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September / October 2011
Company Man
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From its inception as a paid fire department in 1865 until September 11, 2001, the FDNY had lost 778 members in the line of duty. Then, in a single day, the chief of the department and 342 more of New York's Bravest died. On the Saturday after the attacks, fifty-four-year-old Pete Ganci was laid to rest. The fifteen-mile procession from the church to the graveyard was lined with firefighters and civilians.

Peter Ganci Jr.
Fallen hero: Chris Ganci's father, Peter Ganci Jr.

In the weeks and months that followed, Ganci's mother remained as strong as she could, but he knew she was hurting. His sister was just trying to get by. His brother, Pete III, was coping with his own horrific experience from that day. He had been about to finish a shift when one of his good friends, Mike Roberts, offered to swap with him. "Pete, jump on the truck," he said. "I'll ride for you on the engine." Two minutes before the Trade Center call came in, Pete and Ladder 111 were called to a garbage can fire. Meanwhile, all four firefighters from Engine 214 died when the towers fell. (Pete is now a survivor of thyroid cancer, as is a fellow member of his firehouse—likely a result of their search and recovery efforts at Ground Zero.)

Chris was always the most gregarious member of his family, the most comfortable with an audience—most like his dad. He eased into the role of unofficial spokesperson, not only for the family but eventually for the entire FDNY. He gave speeches and interviews, telling NBC's Brian Williams, "Your whole value system changes . . . I just know that I'll never feel innocent again."

The Italian-American Foundation flew him to a rural outpost in Sicily, where local officials produced residents whom they said were long-lost Ganci relatives. Less than a month after the attacks, the Gancis were invited to the White House. President Bush greeted them one by one in the Blue Room, finally arriving at Chris. Their conversation, which the President repeated moments later during a nationally televised speech, unfolded like this:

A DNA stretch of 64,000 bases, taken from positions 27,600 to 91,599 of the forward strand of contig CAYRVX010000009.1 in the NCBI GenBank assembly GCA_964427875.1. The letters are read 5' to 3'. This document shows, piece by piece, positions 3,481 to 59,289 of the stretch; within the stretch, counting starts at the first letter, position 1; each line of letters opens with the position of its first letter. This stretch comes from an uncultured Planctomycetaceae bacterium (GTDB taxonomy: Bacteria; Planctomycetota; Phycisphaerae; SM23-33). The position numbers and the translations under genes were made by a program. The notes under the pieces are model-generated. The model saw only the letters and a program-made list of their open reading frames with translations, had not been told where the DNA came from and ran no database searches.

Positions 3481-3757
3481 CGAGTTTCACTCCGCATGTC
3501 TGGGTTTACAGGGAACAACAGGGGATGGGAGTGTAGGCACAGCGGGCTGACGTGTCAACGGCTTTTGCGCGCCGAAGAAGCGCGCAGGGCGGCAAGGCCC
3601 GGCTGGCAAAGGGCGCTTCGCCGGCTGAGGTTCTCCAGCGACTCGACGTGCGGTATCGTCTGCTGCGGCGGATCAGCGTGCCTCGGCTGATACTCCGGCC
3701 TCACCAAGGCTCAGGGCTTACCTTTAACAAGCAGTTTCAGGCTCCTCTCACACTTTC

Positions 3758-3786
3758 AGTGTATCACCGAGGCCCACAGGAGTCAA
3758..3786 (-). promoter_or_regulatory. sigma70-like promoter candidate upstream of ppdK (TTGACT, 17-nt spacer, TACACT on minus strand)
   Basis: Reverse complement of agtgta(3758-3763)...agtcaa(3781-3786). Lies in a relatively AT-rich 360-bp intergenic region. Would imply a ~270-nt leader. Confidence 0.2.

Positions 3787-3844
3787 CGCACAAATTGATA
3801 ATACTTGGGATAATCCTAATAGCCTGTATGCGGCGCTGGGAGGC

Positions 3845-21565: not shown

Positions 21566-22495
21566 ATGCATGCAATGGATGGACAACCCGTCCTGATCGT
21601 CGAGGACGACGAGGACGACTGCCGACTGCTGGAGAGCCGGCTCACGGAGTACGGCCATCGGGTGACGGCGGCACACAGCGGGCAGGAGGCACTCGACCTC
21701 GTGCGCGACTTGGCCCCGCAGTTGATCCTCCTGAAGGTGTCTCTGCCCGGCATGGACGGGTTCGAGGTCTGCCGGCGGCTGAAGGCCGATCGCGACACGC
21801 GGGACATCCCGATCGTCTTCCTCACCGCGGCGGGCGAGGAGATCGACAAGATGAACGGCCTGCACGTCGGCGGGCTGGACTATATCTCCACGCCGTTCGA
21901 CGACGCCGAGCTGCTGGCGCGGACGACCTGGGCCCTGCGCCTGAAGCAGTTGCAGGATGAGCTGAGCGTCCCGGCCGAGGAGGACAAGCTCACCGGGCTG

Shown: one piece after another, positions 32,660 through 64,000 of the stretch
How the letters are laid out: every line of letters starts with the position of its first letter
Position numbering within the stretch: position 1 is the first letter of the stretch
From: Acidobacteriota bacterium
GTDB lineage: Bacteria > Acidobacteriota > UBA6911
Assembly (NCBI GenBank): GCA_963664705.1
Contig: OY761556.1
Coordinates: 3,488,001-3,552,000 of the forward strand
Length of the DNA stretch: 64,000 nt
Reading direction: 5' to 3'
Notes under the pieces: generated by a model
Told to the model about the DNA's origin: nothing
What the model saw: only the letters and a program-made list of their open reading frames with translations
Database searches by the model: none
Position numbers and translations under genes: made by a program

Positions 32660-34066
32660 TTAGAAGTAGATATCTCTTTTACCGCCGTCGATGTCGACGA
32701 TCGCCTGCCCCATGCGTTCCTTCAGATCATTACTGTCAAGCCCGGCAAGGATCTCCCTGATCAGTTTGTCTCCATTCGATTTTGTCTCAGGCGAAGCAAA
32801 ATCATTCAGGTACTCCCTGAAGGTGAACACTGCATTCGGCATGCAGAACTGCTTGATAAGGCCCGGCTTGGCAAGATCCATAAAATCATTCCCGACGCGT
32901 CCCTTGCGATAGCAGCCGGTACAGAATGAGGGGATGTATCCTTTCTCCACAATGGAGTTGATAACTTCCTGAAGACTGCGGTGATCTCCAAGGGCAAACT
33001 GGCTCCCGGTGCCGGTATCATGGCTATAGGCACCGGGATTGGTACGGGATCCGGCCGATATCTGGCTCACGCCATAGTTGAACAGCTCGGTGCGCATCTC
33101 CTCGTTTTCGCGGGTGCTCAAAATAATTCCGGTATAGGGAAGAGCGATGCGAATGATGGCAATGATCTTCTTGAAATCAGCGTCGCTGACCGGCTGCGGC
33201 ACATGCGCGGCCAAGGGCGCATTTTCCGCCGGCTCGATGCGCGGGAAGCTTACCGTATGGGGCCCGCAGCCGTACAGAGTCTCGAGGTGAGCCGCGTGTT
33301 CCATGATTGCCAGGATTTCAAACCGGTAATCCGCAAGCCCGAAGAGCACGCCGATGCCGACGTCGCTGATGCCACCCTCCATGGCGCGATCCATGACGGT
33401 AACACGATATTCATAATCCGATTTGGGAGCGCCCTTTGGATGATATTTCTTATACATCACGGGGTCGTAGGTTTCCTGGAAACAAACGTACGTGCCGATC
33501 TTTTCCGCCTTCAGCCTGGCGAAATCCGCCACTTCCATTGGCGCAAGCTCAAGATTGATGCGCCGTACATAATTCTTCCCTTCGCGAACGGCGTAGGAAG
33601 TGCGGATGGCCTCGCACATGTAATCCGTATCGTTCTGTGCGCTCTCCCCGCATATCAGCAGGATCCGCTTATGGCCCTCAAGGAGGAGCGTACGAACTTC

"Mr. President, you know what my father would be doing if he were here right now?

"What?"

"He'd be hitting his three-wood over the fence, aiming for the Washington Monument."

"No chance. The pressure of the White House, he'd shank it."

"No offense, Mr. President. But you don't know my dad."

As Pete Ganci Jr. came to symbolize the heroics of September 11, strangers would contact the family, sometimes sending bizarre offerings. "I had a vision of your father," one person wrote, "and I drew it on an egg." Often, they would send money, which Chris was reluctant to accept. Eventually, he combined those random bills with a small life insurance payout to create the Peter J. Ganci Jr. Memorial Foundation, which makes donations to firefighter-related charities. "You pay it forward," says Ganci, who still dreams about his dad once or twice a week. "My father was a very generous person, and I wanted to do something in his honor."

Ganci
On the job: Ganci at a fire scene

In 2003, when Scholastic asked Ganci to write a children's book, the project offered some catharsis. He had friends whose kids were writing reports on their heroes, but they were choosing athletes like Derek Jeter. "If there is one absolute truth in this world, it is that I never get tired of talking about my father. He was my hero long before the tragedy of September 11th," he wrote in Chief: The Life of Peter J. Ganci, A New York Fire-fighter. "For thirty-three years he risked his life so that others could go on living theirs."

Ganci went on living, too. His plan was to transition from pharmaceutical sales to corporate management, so he enrolled full-time at NYU's business school, something his father had encouraged. But he felt a void. "Growing up, I saw my father and these guys, they were like big kids," he explains. "They smiled every day going to work. And I wanted that feeling."

A few years earlier, mostly out of curiosity, he had taken the firefighter entrance exam given by the Department of Citywide Administrative Services. It consists of a three-hour, 100-question written exam as well as a physical test requiring tasks like climbing a Stairmaster while wearing a weighted vest. "I wanted to size myself up, to see how I would do," says Ganci, who packs roughly 200 pounds on a stocky five-foot-eight frame. He received a perfect score on each part. When FDNY recruiters began contacting him, he told them he wanted to finish business school; his dad would have been proud of that. Then, four days after receiving his MBA, he started at the New York City Fire Academy.



 
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